Because of the nature of this discussion, it should be noted that I will be revealing a spoiler from Detective Comics #857.
It’s clear that writing the new Batwoman is a labor of love of Greg Rucka, as the character has brought out some of his best storytelling. And while Rucka’s talent as a writer would be more than enough to get us interested in Batwoman, it’s J.H. Williams III’s involvement as an artist that makes his story excel from a comic book into a work of art.
This is something I never thought I’d be saying about Detective Comics, let alone a story involving Batwoman, who up until this storyline started a few months ago, was simply defined by her sexuality thanks to the media prematurely announcing her arrival in comics.
Now, while the success of modern comic books has partially hinged on the borrowing of film techniques (such as: widescreen panels, removal of thought balloons, over-emphasis on panel narration, more natural dialogue and much, much more), this has unfortunately homogenized the uniqueness of comics and turned it into a vehicle that offered nothing particularly special, especially when compared to other media. In a podcast interview, writer Alan Moore said, “at the end of the day, if you only see comics in cinematic terms then the best that a comic can ever be is a film that doesn’t move.”
What’s the point?
I’d argue that the success of future comic books will be weighed heavily on its ability to create a kind of storytelling that simply cannot be achieved elsewhere. This is one of the things that liberature does so well for books, by allowing authors to create novels that cannot be replicated on film, or as House of Leaves (one of the most important works of liberature) author Mark Z. Danielewski put it once, “This experience lives only in this book.”
While this depends on comic book publishers taking chances with formats and allowing writers to have a more active participation in how the final product is conceived, it also certainly relies on the artists ability to bypass the instilled traditions of comic storytelling and create something new.
And with that said, if there is any artist working who is achieving those results today, it is Williams. The most recent issue of Detective Comics makes this point ridiculously clear, such as this page (and page #1 above):
The decisions Williams makes here are stunning (Dave Stewart deserves a lot of credit for his coloring as well). First off, the page design helps to enhance the disorientation and insanity of Alice, the story’s villain (woman in white). The symmetrical design, in lesser hands, would have appeared contrived and perhaps gotten in the way of the storytelling, but Williams makes it shine. And most importantly, the symmetry is teasing us towards the story’s big twist, that Alice is Batwoman’s sister. And this is what makes the first page so clever on second viewing. Not only was Williams simply finding a new way to draw a phone conversation, he was also emphasizing the similarities with the two characters to help facilitate the story’s twist (it’s amazing how he gives it away on the first page and still it’s a surprise later). Williams’ ability to convey the story in a new way while taking the design into consideration to enhance the story’s payoff is something that needs to be studied carefully by other artists.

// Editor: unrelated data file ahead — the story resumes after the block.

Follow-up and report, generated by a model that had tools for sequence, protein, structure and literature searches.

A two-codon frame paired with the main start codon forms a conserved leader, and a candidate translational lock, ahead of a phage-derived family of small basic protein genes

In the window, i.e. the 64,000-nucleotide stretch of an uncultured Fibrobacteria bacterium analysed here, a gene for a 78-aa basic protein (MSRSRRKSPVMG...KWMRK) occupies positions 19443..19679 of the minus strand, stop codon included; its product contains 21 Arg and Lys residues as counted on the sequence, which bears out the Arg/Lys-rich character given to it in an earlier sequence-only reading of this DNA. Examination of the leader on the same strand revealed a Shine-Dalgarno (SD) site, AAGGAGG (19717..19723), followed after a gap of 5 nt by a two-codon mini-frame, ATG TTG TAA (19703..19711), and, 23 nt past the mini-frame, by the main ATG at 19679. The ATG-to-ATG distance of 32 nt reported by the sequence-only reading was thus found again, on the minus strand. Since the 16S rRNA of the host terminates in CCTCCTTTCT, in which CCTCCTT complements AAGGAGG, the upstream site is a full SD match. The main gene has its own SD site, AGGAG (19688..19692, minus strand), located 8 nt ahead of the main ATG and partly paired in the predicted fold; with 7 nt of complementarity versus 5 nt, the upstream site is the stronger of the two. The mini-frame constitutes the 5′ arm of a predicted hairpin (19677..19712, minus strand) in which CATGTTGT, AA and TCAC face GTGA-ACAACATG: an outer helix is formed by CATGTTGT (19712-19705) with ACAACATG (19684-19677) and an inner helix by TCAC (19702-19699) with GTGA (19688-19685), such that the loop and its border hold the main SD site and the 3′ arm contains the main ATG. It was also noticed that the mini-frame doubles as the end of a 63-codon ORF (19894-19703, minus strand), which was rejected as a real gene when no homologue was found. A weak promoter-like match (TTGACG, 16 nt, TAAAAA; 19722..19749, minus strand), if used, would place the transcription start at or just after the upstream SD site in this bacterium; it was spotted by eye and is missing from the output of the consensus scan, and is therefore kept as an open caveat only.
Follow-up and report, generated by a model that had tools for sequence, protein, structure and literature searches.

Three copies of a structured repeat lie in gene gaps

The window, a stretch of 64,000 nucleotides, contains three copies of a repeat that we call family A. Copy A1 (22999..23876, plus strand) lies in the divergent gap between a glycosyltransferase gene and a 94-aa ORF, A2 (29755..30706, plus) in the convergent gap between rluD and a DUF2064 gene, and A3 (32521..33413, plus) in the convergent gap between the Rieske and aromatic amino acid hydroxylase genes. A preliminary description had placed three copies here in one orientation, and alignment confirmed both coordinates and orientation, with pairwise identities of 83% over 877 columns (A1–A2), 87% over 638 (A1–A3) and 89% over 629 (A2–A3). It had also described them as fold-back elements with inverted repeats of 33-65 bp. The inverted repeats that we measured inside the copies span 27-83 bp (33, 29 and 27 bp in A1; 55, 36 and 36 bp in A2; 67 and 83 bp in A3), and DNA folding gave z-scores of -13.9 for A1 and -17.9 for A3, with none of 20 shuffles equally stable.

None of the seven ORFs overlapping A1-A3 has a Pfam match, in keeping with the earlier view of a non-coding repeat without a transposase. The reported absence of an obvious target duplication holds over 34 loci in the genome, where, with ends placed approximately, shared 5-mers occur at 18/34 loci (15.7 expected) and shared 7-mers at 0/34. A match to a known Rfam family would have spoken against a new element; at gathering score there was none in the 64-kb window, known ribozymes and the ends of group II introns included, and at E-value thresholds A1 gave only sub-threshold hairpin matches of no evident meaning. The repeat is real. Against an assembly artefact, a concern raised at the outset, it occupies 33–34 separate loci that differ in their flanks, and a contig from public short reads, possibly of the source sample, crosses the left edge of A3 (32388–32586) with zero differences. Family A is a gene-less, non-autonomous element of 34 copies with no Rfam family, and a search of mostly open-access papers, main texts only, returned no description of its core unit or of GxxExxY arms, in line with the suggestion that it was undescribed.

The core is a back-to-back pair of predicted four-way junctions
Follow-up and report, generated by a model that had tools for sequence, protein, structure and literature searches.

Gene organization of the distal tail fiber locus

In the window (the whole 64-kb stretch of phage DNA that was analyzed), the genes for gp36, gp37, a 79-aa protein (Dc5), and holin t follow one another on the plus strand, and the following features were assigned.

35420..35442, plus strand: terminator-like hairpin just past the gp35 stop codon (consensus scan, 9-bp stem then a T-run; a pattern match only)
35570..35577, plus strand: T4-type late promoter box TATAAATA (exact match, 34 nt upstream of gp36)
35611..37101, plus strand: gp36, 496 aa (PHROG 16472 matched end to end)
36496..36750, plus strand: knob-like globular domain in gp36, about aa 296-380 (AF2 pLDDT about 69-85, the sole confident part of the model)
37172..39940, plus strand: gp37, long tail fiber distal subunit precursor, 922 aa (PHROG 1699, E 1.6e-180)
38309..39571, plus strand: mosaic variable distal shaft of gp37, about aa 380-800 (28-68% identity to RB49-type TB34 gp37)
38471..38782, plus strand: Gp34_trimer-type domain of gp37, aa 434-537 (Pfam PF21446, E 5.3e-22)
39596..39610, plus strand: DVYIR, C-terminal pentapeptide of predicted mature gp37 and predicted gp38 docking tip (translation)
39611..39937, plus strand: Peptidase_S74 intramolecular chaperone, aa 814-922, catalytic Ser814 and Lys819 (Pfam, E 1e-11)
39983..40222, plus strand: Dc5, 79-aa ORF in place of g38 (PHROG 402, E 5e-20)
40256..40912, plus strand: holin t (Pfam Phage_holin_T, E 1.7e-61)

Most importantly, the work here forces the reader to turn the book, to participate in the storytelling. I know readers are complacent to have the books move from left to right and have the story given to them with little resistance, but when the reader has to move the book upside down to take in the complete story, it helps to remind them of the medium’s possibilities and acknowledge the book as an object. The more this is understood and recognized, the easier it is when artists like Williams really start to think outside of the box.
You simply cannot do this kind of storytelling anywhere else, and Williams not only makes it look easy, but he makes the comic book medium better as a result. This is why Williams is one of the most important mainstream comic book artists working today.
Next time: In honor of Puff-Tober-Ween, I’ll be looking at some horrifying comic book pages.